Rituals

Here are some of the rituals performed by the elders and folks in different provinces in the Philippines.

Cebuano

Beliefs and practices govern almost all aspects of agriculture. The tamblan is often called to perform the practice of bayang or buhat before lands are cultivated. A dish of white chicken or white pork is offered to the unseen owner. Before planting, a table with cooked rice, chicken, wine or buyo is set in the open and offered to the spirits who are asked to grant a good harvest. If planting is to be done during a new moon in May or June, rice is toasted and then ground with sugar in a mixture called paduya. The paduya is then baked, divided into 24 parts, and wrapped in banana leaves and offered the night before planting to the aswang who protects the field. For harvest blessings pangas may also be prepared in a basket from a mixture of rice, medicinal herbs, palm fruit and a wooden comb.

There are specific practices depending upon the crop being planted. During the planting of rice, one must not hurt or kill the taga-taga, an insect with protruding antennae believed to be soul of the palay, or else this cause a bad harvest. A good harvest is likely when its tail points upwards.

In planting corn, the first three rows should be planted at sundown. This is the time when chicken and other fowl are in their roosts and if they do not see where the seeds are planted; they will not dig up the seeds. If it rains while the farmer is planting, it is a sure sign that the seeds will not germinate. Persons with few of broken teeth should not plant corn to prevent the corn from bearing sparse and inferior grains.

In coconut planting, so that the nut will grow big and full, seedlings must be placed on open ground during a full moon. They should be planted at noontime when the sun is directly overhead and shadows are at their shortest. This is so the coconut trees will bear fruit soon, even if they are not yet very tall. While planting coconuts, it would help if one is carrying a child so that the tree will yield twice as many nuts.

Bananas should be planted in the morning or at sunrise with young plants carried on the farmer's back so the branches will have compact and large clusters.

Sticks should not be used when planting cassava lest the tubers develop fibers that are not good to eat. Ubi, on the other hand, is a sacred root crop. If it is dropped on the ground, it has to be kissed to avoid divine fury called gaba. Planters must lay clustered fruits on three hills for an abundant harvest of camote or sweet potato. It is believed that planters must remove their shirts, lie on the ground and roll over several times during a full moon. Crops planted near the diwata's place or during thunderstorms will become rat infested.

During harvesting, if the crops are poor, the farmers prepare biku, budbud, ubas, tuba, guhang, twelve chickens, pure rice, tobacco and tilad. These they place under a dalakit tree in the fields as offering to the spirits.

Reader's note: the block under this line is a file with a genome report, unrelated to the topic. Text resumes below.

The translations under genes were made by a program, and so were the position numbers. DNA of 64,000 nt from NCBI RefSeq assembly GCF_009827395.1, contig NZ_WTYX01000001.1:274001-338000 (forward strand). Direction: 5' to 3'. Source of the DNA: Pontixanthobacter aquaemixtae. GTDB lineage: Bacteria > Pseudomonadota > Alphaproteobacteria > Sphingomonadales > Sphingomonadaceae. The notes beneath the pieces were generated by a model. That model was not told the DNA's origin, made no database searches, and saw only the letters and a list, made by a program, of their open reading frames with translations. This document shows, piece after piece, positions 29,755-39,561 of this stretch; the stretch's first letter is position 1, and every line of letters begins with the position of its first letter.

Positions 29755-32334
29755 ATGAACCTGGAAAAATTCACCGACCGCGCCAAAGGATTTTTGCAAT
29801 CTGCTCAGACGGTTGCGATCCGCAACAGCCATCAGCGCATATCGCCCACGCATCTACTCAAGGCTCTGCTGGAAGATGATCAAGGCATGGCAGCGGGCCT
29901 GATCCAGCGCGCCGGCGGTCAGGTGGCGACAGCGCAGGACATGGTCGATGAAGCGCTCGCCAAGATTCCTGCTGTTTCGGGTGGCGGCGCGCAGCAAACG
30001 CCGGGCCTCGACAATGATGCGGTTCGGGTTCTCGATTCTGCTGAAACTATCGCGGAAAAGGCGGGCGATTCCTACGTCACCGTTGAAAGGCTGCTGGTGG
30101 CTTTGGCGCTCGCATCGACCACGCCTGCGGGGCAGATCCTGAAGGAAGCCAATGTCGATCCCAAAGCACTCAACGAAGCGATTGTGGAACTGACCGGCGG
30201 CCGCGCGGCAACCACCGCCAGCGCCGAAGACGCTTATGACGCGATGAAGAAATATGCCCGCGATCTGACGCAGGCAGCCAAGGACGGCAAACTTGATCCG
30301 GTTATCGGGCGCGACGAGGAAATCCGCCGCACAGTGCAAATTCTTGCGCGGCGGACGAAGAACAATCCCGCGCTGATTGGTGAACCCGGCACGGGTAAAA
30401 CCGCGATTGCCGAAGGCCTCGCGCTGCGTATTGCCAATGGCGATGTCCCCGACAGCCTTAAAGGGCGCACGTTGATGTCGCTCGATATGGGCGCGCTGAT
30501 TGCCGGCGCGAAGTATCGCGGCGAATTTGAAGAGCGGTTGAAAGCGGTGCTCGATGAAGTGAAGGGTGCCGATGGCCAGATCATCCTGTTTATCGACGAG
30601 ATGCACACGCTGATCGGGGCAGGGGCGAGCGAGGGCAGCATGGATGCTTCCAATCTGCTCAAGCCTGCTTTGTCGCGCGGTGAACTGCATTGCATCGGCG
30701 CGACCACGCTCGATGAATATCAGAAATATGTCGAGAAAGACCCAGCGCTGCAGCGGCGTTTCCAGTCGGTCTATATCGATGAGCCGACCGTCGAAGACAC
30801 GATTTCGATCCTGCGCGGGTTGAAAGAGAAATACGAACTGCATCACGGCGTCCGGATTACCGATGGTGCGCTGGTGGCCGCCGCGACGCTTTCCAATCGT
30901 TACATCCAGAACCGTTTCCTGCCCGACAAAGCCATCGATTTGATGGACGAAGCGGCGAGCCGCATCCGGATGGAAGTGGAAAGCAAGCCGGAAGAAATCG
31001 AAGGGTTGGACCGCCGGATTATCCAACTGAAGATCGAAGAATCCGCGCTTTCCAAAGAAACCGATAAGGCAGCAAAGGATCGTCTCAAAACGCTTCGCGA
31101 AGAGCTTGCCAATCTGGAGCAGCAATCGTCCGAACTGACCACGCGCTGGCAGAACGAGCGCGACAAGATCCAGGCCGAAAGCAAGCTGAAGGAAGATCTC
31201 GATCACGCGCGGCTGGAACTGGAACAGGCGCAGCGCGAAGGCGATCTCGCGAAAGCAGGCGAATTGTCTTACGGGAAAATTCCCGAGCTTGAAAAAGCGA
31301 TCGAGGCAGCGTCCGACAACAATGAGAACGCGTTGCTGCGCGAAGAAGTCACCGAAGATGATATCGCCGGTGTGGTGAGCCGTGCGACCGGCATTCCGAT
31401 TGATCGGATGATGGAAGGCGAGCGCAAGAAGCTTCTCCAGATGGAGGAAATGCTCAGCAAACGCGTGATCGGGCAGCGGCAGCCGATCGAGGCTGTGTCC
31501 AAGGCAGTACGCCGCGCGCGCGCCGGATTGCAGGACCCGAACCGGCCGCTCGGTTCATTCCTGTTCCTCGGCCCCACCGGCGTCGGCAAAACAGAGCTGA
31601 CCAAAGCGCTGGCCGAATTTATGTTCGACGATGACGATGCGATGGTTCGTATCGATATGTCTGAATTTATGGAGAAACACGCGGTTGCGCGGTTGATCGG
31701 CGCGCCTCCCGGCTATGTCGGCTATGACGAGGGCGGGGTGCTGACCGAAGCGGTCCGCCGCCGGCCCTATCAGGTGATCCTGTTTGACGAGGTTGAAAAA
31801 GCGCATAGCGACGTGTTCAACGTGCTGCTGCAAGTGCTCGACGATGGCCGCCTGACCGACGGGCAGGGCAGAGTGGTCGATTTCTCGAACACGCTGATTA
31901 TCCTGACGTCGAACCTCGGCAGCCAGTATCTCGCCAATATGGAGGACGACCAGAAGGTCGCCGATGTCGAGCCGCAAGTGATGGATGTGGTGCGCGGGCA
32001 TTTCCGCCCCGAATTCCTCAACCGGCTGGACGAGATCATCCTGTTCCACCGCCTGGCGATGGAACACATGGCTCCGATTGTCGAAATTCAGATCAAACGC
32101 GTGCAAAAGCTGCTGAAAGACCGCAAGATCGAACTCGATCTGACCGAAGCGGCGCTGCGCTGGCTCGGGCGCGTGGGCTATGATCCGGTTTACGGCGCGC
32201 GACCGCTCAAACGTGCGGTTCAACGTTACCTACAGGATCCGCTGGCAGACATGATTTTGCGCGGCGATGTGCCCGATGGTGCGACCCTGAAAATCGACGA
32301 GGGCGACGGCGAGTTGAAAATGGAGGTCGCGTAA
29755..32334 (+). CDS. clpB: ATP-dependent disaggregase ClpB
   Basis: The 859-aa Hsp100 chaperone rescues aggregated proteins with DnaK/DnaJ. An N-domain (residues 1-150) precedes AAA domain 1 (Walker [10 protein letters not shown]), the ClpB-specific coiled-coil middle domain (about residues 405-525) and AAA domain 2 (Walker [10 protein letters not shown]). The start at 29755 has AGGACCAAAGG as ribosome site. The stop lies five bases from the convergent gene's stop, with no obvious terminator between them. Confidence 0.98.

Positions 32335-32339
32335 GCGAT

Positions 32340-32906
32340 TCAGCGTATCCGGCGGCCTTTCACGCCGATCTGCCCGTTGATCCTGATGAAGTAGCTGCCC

Rice harvesting entails more intricate rituals. A mixture called pilipig is prepared from seven gantas of young palay added to ubas (grapes), bayi-bayi(ground rice), grated coconut and sugar. This mixture is pounded in a mortar and brought out at midnight. At midnight, the farmers call the babaylan to chant prayers while they surround him/her with smoke.

Fisherfolk have their own ways of soliciting the favors of the other world. During a full moon, a mananapit is asked to pray for a good catch and to bless the fishing nets and traps with herbs and incense. To cast off evil spirits, fisherfolk at sea mutter tabi meaning "please allow small yellow copper key under their belts to protect themselves from being devoured by a big fish. Divers eat the flesh of the cooked turtle for greater stamina underwater. Fisherfolk avoid bad luck by neither sitting nor standing in front of their fishing gear and by returning home by way of the route used when setting out the sea. To avail of future bounty, fisherfolk using new traps must throw back half of their first catches.

Houses

In building houses, spirits believed to roam the world of the living must be considered. Spirits like dwelling in caves and ought not to be disturbed by the construction of a house nearby. A good site for a house is determined by burying three grams of rice wrapped in black cloth at the center of the lot. If a grain is missing when they are unearthed three days after, the site is not suitable for it will cause illness. February, April, and September are the months to build houses. To bring prosperity and peace to the owners, coins are placed in each posthole before the posts are raised. The ladder of the house should face east to ensure good health. A full moon symbolizes a happy home life when moving to a new house. For the moving family to be blessed, they should boil water in a big pot and invite visitors to stay overnight in their new house. A ritual is also performed against evil spirits during the inauguration of the public buildings, bridges, and other structures.

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